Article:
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How to Wow Every Subscriber with an Email Background Image Easily (+ the Code to Do It!)

Emails can feel a bit predictable with an image here, a block of text there… One way to liven up the subscriber experience? Background images. They’re unexpected and add another dimension to your design, making your emails “pop.” When done well, they make your email feel like a million bucks but are incredibly easy to pull off.

Keep reading for:

What are background images? (And what’s the point?)

Background images are images that are applied to the background of, or behind, an element. Instead of being a main focal point of the email, like a hero image, they are more often subtle and complementary to the other content in the campaign.

The major benefit of using background images is they allow you to place additional HTML content on top of them. Unlike other images, where only the image itself can exist in that space, background images provide layering possibilities, so you can have extra images, text, or calls-to-action (CTAs) existing within that same space.

example of live HTML text and a bulletproof button over an email background image

Using live HTML text on top of a background image, instead of including that text as part of the image, means your message is readable when images are turned off, making this a great technique for creating better, more accessible HTML emails.

Aside from helping to create campaigns that provide a better reading experience, background images also offer a wealth of design possibilities, setting your campaign apart from the competition.

Creative ways brands are using background images

Miro placed a background image containing shapes behind their hero section, drawing attention to the email’s main headline and messaging, which is overlaid using live text.

Miro examples with email background image
Source: Really Good Emails

Uplers used a background image to highlight a discount on their services, with a coupon image placed behind a coupon code.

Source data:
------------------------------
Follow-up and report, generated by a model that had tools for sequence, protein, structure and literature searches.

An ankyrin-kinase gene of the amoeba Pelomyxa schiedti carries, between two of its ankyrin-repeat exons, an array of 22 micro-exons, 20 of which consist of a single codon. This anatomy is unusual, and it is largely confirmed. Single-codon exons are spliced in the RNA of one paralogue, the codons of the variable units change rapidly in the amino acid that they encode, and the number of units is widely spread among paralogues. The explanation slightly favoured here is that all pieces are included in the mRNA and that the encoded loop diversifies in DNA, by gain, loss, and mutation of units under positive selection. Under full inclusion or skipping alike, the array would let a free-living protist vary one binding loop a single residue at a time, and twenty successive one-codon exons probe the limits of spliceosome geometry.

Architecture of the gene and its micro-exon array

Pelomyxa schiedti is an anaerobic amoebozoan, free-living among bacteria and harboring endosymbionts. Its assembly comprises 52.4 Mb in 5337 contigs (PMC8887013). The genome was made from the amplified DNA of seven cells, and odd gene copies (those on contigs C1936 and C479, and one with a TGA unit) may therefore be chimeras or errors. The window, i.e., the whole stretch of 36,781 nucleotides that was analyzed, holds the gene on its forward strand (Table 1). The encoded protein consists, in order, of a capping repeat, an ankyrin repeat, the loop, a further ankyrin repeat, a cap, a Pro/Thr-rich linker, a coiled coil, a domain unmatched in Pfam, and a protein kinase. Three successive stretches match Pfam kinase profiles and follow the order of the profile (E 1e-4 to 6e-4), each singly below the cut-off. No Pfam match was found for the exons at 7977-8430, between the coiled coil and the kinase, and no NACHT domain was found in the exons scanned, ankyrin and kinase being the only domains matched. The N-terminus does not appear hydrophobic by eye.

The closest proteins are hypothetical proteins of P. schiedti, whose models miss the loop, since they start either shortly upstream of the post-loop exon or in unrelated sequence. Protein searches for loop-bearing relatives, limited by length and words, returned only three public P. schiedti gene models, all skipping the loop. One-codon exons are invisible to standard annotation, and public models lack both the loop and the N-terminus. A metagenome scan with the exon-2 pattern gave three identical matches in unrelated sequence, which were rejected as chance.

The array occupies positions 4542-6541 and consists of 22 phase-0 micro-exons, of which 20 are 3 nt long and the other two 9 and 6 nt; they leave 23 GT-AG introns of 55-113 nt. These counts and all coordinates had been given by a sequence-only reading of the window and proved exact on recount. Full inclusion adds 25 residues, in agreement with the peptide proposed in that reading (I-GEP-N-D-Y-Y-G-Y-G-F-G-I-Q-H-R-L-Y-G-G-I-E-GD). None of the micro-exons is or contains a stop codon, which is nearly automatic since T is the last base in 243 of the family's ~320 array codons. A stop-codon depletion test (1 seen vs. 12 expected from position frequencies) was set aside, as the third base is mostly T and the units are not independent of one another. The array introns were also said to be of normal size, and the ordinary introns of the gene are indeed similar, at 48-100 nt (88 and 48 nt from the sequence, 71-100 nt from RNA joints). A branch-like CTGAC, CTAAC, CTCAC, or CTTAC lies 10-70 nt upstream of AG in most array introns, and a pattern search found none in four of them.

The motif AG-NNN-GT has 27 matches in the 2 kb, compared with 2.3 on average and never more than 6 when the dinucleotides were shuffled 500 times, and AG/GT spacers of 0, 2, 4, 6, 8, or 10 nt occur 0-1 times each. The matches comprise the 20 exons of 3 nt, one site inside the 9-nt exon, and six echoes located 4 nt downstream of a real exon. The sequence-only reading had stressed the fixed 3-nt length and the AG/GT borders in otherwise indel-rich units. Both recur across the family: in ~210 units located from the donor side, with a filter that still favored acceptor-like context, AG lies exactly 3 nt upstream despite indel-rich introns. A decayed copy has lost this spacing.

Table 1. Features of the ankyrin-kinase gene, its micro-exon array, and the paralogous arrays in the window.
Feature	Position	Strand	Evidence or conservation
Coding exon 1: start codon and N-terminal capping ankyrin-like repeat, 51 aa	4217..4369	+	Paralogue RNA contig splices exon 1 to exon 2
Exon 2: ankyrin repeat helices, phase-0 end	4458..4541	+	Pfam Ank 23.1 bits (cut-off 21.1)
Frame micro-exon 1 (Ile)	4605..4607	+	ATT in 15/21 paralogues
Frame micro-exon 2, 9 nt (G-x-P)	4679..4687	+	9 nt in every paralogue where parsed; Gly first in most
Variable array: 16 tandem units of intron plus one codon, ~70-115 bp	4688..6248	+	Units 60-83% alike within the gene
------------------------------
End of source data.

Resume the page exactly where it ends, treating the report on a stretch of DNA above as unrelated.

Uplers example of email background image for coupon code
Source: Really Good Emails

Figma added a subtle repeating background pattern to the body of this email, introducing us to their new whiteboard product. The pattern they feature echoes the background found in the product.

Figma example of email background images
View this email in Litmus Builder

Chipotle placed a jumbo background image behind this impactful jumbo hero and body area, including product photography and a line pattern. Over the top of this image, they have an animated GIF with transparent background, and live text in the body area.

Chipotle Friendsgiving email with subtle email background images
Source: Really Good Emails

Animated GIFs can also be used as background images, like this example from Adobe Stock, promoting festive collections with hero content including live text and a CTA button placed on top of the animated background.

Adobe Stock email with animated GIF email background images
Source: Really Good Emails

Design considerations

When thinking about implementing background imagery, there are some design considerations worth taking into account.

Contrast

To ensure all readers get the value of content overlaid on background imagery, it’s important to be mindful of contrasts. Treat the image in much the same way as you would a flat color, and test the colors in your image against the colors of your content.

If you design using Figma, you can add plugins like Color Blind and Contrast to see whether you are meeting Web Content Accessibility Guidelines (WCAG). There are also a number of web apps, like WebAim’s Contrast Checker, where you can test the colors in your designs.

Simplicity

Another way to ensure readability is to keep things simple. Busy backgrounds can make it hard to get the value of any live text you place on your image. So it’s often helpful to consider your background image as an enhancement rather than a feature.

Solid color fallback

As not all email clients will honour background imagery, design a solid color fallback. Subscribers using email clients that won’t support your imagery can still have a great experience with a solid color. Be sure to choose a fallback color that matches your design and contrasts well with its foreground elements.

How to code background images in email

Before I walk through the code, let’s see which clients will render background CSS styling and which ones need the help of a VML fallback.

The good news: Support for inline background CSS has improved, with webmail clients now fully supporting this method, meaning the background HTML attribute is no longer required.

The bad news: Unfortunately, Windows 10 Mail just doesn’t like background images. It won’t render inline CSS or the deprecated HTML background attribute. And applying VML will cause rendering issues with an ‘image can’t be displayed’ error message.

If you are concerned about the experience Windows 10 Mail subscribers are getting, consider leaving out the VML. This ensures that fallback background colors give your Microsoft Outlook Suite audience a great email reading experience, without the extra decoration.

Windows 10 Mail example of email background images

Email client support for background images

Email client

Using inline CSS

Using VML

Apple Mail 14

Office 365 (Mac)

Office 365 (Windows)

Outlook 2016 (macOS 10.12.6)

Outlook 2013, 2016, 2019 (Windows 10)

Windows 10 Mail

Gmail App (Android 10)

Gmail App (iOS 13.4.1)

Outlook (Android 7.0)